Kelly Richman-Abdou reports on the fabulous animal puppets made by Haruki Nakamura. Beautifully-animated cartoon surprises—but made of paper!
Crafted from paper and cleverly constructed, each whimsical creature puts a paper twist on karakuri, or mechanized puppets. Like traditional karakuri, each figure’s movements are prompted by human touch. This means that when pressed, poked, or prodded in certain places, the puppets come alive. Whether they’re shedding surprising disguises, showcasing amazing acrobatics, or coming out of their shells (literally), the animals exhibit both the capabilities of the kirigami craft and Nakamura’s creative approach to paper dolls.
While Nakamura sells his delightful dolls in his online shop, they only ship within Japan. However, if you’re overseas and would like to get your paws on your own paper puppets, you can learn how to create your own with Karakuri: How to Make Mechanical Paper Models That Move. Or, if it’s kirigami that has piqued your paper interest, check out Kirigami: The Art Of Folding & Cutting Paper.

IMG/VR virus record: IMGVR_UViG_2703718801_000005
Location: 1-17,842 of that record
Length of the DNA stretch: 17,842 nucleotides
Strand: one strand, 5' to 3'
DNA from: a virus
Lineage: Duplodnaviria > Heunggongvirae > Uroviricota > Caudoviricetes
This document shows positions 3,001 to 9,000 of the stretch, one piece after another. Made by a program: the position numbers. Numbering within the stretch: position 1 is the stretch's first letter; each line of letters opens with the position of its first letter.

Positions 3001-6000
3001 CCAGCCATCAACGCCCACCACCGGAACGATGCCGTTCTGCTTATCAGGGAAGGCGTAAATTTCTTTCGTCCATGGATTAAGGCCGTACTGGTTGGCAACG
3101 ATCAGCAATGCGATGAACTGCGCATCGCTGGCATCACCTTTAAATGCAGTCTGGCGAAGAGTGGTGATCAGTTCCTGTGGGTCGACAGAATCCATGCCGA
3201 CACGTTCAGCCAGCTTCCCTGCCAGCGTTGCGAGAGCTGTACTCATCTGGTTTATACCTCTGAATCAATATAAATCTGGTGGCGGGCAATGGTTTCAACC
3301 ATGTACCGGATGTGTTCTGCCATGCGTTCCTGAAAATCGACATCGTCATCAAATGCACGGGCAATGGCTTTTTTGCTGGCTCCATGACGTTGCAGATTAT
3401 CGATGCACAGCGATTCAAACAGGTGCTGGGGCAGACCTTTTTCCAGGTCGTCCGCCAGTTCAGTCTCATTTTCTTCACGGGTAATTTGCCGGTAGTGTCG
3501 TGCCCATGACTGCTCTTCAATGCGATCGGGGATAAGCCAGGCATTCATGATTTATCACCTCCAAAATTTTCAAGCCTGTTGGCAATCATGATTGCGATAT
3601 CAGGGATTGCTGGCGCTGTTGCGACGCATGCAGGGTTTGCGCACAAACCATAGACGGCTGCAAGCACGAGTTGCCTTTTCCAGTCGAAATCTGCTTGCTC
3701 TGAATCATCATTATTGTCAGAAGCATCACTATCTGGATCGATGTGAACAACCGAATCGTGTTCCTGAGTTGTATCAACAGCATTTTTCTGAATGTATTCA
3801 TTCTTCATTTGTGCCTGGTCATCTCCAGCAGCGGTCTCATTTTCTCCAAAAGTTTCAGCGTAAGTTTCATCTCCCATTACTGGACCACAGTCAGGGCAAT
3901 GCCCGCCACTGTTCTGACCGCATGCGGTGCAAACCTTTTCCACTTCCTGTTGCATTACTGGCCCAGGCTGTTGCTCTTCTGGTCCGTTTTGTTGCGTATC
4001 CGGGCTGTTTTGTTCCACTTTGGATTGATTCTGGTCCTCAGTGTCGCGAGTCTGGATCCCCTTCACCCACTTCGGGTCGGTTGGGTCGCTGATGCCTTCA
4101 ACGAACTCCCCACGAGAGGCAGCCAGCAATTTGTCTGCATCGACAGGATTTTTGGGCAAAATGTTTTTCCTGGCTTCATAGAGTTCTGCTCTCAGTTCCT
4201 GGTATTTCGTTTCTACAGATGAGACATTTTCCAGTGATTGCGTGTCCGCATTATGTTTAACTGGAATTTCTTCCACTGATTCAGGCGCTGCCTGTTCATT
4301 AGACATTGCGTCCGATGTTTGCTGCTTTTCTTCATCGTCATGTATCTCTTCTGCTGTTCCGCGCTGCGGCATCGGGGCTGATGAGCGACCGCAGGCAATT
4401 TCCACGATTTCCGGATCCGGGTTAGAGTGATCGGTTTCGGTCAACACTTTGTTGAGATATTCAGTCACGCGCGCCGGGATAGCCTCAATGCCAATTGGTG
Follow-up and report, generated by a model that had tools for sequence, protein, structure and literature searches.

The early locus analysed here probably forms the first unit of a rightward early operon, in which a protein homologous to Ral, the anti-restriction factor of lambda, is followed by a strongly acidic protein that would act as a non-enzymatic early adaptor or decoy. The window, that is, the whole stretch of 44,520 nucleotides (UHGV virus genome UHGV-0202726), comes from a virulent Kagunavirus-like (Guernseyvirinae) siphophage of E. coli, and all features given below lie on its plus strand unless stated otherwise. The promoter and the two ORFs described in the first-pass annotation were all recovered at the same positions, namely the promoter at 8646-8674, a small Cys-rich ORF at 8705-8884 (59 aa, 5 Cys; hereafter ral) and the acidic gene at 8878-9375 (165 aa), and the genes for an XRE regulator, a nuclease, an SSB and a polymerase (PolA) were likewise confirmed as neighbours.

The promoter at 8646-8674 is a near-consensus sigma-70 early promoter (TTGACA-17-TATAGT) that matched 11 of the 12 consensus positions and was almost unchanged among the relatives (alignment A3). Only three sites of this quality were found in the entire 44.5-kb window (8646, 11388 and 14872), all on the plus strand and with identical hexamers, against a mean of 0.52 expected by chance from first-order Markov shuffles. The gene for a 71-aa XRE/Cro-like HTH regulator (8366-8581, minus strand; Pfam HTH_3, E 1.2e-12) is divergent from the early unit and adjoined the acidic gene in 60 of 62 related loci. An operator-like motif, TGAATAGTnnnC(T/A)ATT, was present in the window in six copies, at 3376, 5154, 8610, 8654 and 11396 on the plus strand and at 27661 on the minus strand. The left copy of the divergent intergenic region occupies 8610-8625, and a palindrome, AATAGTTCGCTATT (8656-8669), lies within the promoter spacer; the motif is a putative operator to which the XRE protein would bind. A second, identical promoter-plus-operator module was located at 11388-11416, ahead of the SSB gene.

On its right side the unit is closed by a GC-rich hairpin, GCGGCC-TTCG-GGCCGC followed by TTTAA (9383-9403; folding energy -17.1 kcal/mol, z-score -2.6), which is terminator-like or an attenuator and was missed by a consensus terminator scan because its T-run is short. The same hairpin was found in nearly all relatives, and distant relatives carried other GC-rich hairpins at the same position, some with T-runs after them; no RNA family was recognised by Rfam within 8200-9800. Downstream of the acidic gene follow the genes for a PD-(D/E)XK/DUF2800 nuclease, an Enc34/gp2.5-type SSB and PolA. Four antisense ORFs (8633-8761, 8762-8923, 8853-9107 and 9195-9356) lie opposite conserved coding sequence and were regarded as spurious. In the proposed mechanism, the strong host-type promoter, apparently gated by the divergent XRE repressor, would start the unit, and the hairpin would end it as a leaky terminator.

Read the rest of Kelly’s article for many more GIFs like the one here.
Jake Rossen takes a deep dive into the iconic American novelty toy company Wham-O and its storied history.
Plot graphs, grids of heroic attributes, flowcharts of dramatic action – chances are you’ve seen plenty that explain every story ever told. Often presented as a kind of literary pill for critics and storytellers, they’re really just toys, thrown into the hinterland between what worked for one artist and what can be sold to another. […]
Eser Dominoes are an interesting proof of concept that won a juried award at the 14th Japan Media Arts Festival.